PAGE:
I once again lower my head beneath a stream of water and wash a festering sore.  Hoping to rinse away the virus infecting my dreams.  The virus that worries about the evil in others, the criminalization of the beautiful brown skin love made, and the lowered expectations of every teacher under a brainwashed spell.  That virus that caused me to worry when my sons grew out of their toddler clothes because I knew it was only a matter of time before the world stopped seeing the beauty I did.  Before those kind smiles and waves from strangers, became purse clutching, eye-avoiding fear, nurtured and fostered by an unkind media and an unfair justice system. 

I place a Band-Aid on the festering sore and dream awake.  The lullaby of lies is only comforting to the unconscious.

My eyes are open now.

He's awake.

Love and Light,

*In 2012, after an argument over loud music, Michael Dunn, a 47-yr old white Floridian fired ten shots into a carful of unarmed black teenagers, killing Jordan Davis, a seventeen year old boy.  Yesterday, after more than thirty hours of deliberation, a jury found Dunn guilty of three counts of attempted second degree murder and one count of firing into an occupied car.  A mistrial was declared on the first-degree murder charge. 

Sunday, February 9, 2014

It is cold here in my neck of the woods.  I have been engaging in the most socially acceptable form of human hibernation I can.  I only emerge to make an appearance at the day job, shop, pick up the kiddies or find food.  Other than that, you can find me having dance parties with my family, hiding under a blanket with the spouse, or chugging away at Orange Belt and Black Belt (sequels to White Belt and Yellow Belt).  I am also preparing a super, duper exciting project I will hopefully be able to announce soon (from inside)!

So, yesterday, I emerged from my hibernation to take my eldest son to his piano lesson.  He is six and awesome.  He plays piano by ear.  We discovered it when he was about four.  He had chord bells and he would play songs he knew without us teaching him.  We thought it was different but we were first-time parents and thought everything he did was pretty darn miraculous so we weren't sure whether it was a big deal. When he started doing it on our keyboard and toy pianos, his teachers advised us to take him straight to the nearest music school.  During his lessons, I try to pay careful attention to his teacher so I can make sure he is practicing correctly at home.  I found myself moving my hands in the air with his and wondering why I had never pursued piano.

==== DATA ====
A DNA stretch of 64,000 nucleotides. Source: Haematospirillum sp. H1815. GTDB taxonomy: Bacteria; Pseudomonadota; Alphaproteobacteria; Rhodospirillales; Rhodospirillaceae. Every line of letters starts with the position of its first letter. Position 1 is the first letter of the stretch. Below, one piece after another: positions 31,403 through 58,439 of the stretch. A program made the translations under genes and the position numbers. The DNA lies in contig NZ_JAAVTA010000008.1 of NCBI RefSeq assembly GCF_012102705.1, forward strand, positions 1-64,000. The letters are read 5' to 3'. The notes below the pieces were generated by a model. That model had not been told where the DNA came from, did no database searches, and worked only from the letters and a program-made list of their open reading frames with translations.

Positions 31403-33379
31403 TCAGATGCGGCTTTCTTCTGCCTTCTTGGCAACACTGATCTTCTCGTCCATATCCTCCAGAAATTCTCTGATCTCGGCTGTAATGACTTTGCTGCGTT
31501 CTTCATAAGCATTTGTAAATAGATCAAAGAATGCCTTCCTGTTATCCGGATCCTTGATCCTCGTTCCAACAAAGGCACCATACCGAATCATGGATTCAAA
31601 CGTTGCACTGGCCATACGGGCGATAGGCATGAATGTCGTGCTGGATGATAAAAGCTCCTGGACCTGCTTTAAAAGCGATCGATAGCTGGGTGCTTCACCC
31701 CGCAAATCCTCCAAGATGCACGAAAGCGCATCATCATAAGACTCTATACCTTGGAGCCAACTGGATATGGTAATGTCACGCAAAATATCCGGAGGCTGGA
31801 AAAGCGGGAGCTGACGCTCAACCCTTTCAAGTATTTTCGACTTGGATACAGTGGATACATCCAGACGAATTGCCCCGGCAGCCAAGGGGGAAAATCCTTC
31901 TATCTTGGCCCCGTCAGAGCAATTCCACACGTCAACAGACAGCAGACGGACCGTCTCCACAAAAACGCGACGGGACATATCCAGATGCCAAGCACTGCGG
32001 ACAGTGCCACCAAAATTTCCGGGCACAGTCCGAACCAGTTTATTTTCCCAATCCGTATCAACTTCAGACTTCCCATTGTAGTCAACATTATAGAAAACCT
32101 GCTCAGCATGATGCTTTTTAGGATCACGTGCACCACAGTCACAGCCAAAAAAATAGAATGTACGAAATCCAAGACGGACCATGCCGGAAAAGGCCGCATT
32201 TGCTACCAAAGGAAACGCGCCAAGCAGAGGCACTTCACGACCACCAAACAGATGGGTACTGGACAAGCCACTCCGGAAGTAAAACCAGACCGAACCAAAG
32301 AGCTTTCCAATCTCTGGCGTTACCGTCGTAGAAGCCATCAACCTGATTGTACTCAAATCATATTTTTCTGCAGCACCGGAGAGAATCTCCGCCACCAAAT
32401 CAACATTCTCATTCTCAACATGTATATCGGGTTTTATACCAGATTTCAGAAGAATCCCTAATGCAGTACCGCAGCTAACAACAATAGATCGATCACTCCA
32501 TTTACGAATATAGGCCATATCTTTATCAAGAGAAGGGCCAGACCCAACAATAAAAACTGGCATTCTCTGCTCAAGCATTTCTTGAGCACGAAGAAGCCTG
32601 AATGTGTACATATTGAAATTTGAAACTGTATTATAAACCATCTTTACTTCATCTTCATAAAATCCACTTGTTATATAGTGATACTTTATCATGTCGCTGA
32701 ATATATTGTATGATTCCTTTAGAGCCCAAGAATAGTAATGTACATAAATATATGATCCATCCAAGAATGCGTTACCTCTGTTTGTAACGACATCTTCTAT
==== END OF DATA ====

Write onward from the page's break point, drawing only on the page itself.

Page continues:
Nina Simone
The things is, I am not at all musically inclined.  He totally gets that awesome trait from the hub.  I kind of sound like I'm dying when I sing, and my dance moves are not that much better.  However, I have always been fascinated by instruments.  When I was in elementary school, I begged my mother to enroll me in piano.  I remember going to one lesson and quitting because I realized how much time and effort it would take to become good.  I wanted the teacher to just press that button I knew was buried somewhere in my back that would make me magically play like Nina Simone  Apparently not  only do we not have a button in our back, it also takes more than one lesson to play like Nina ;-).  Lost in my thoughts momentarily at my son's appointment, I found myself loaded with regret.  Why hadn't I tried harder?  Why didn't my mother force me to play? I shrugged it off and continued watching my son.  What's done is done, right? I mean, seriously, how ridiculous would I look sitting in a line of children waiting for my music teacher to call me in for my lesson?  I pictured myself wedged in between two kids with freckles, far too big for the seat, and completely mortified.